SV: When you play live, what kind of mood do you try to invoke and what is the difference between a live set and a studio set for you?

L: Very different. I really want to play to the crowd at a live set. It's got to really kick in at some point. But, I don't mind making people wait for it. It's a bit simpler live, but it's what I would like to hear at a live show. I don't like seeing people that do really ambient boring sets and I don't like DJ style sets that just keeps the beat going the whole time. I like crazy build-ups and lots of variation. I try to have a set that works as a big long progression rather than independent tracks. When I record in
the studio, I think sort of in the same way, but it has to be a bit more developed because your not as much in the moment as you would be at a club or something. You have to be more conscientious about the quality as well.

SV: Where does the name 'Lusine' come from?

L: Well, it's quite boring. The factory in French. I sort of just liked the ring to it, but I think the idea of the factory vs. the whole French artistic aesthetic has something to do with it.

SV: Who do you enjoy working with the most these days?

L: Who? Musically I don't really work with people too much. I'm going to work with a vocalist from CalArts and I got a lot out of a flutist named Sky Grealis for that last LP.

SV: Who are your biggest influences in your music and style?

L: Well, at some time or another I've been really into Speedy J, Atom Heart, Autechre, Wagon Christ, Aphex Twin, Amon Tobin, Two Lone Swordsmen, Locust, BOC, Blue, Sea and Cake, Yo La Tengo, Elliot Smith, New Order, My Bloody Valentine, Mouse on Mars, Reload, FSOL, the Orb, Xingu Hill, Susumu Yakota, Plaid, Tortoise...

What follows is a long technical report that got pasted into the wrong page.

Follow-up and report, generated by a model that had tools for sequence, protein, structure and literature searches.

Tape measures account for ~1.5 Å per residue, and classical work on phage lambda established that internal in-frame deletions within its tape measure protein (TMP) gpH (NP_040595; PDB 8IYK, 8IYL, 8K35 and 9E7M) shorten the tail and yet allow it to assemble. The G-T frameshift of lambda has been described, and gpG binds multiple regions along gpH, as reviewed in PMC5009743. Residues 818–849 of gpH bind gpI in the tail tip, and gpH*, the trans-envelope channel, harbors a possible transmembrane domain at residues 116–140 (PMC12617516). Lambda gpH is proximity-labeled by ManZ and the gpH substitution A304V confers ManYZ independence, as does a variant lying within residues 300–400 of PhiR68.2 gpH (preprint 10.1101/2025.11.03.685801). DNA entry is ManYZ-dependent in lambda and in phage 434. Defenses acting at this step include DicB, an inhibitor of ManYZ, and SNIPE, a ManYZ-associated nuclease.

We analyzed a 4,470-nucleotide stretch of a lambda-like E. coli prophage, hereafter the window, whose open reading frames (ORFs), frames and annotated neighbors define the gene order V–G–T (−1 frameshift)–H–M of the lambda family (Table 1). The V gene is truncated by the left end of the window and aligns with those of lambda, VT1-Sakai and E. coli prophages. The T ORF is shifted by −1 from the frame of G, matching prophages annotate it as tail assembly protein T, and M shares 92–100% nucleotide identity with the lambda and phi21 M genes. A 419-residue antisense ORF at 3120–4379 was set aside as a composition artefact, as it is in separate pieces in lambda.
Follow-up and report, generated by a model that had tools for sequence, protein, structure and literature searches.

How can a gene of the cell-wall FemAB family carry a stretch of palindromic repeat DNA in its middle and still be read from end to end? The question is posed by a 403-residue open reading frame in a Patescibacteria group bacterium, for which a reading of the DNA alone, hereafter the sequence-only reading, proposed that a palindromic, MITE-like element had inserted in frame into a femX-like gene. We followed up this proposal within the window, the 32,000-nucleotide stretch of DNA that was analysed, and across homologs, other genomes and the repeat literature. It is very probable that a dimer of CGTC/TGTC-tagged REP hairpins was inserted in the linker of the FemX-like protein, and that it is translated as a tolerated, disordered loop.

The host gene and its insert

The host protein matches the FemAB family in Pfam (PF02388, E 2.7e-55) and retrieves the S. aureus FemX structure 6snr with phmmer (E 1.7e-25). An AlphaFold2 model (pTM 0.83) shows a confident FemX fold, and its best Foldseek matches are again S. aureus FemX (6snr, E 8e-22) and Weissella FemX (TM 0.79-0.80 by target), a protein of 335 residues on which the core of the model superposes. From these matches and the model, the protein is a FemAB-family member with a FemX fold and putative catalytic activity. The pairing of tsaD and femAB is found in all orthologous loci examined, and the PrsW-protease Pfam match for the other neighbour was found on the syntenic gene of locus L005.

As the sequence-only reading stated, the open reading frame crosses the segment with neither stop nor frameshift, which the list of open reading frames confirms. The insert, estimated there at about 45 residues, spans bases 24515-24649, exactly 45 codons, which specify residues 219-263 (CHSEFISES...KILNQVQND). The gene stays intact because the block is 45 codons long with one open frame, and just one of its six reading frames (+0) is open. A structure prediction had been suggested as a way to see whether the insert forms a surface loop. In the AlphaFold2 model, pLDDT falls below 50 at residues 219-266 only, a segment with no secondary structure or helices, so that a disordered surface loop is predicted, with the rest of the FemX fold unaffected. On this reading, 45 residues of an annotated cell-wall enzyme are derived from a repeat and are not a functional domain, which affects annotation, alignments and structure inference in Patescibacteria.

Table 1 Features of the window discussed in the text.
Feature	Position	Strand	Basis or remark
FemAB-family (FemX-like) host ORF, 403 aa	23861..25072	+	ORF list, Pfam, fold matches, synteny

SV: Any big regrets?

L: I don't think so. It's all one big learning process, so I can't say I would do without any of it.

SV: What's the one thing you would like to try to get across in your music?

L:I would like for people to look beyond the technical aspects of the music and just enjoy it for the mood. That's the type of music I like.

SV: How do you feel about the way music is going these days with all of the commercialism in everything that is coming out on major labels?

L: I think it's funny. I feel sorry for the artists because their commercial life span is very short, but I'm not at all connected. It's just marketing.

SV: U-Cover is known to be dedicated to keeping its style and sound as a label very underground. Is this where you are the most comfortable or will there ever be a break out into the mainstream if given the chance?

L: Depends. I don't really want to change my music. I think it's already quite accessible and I wouldn't want to make stupid music for lots of money, unless nobody knows it's me :) But, sure I would if they like my music for what it is.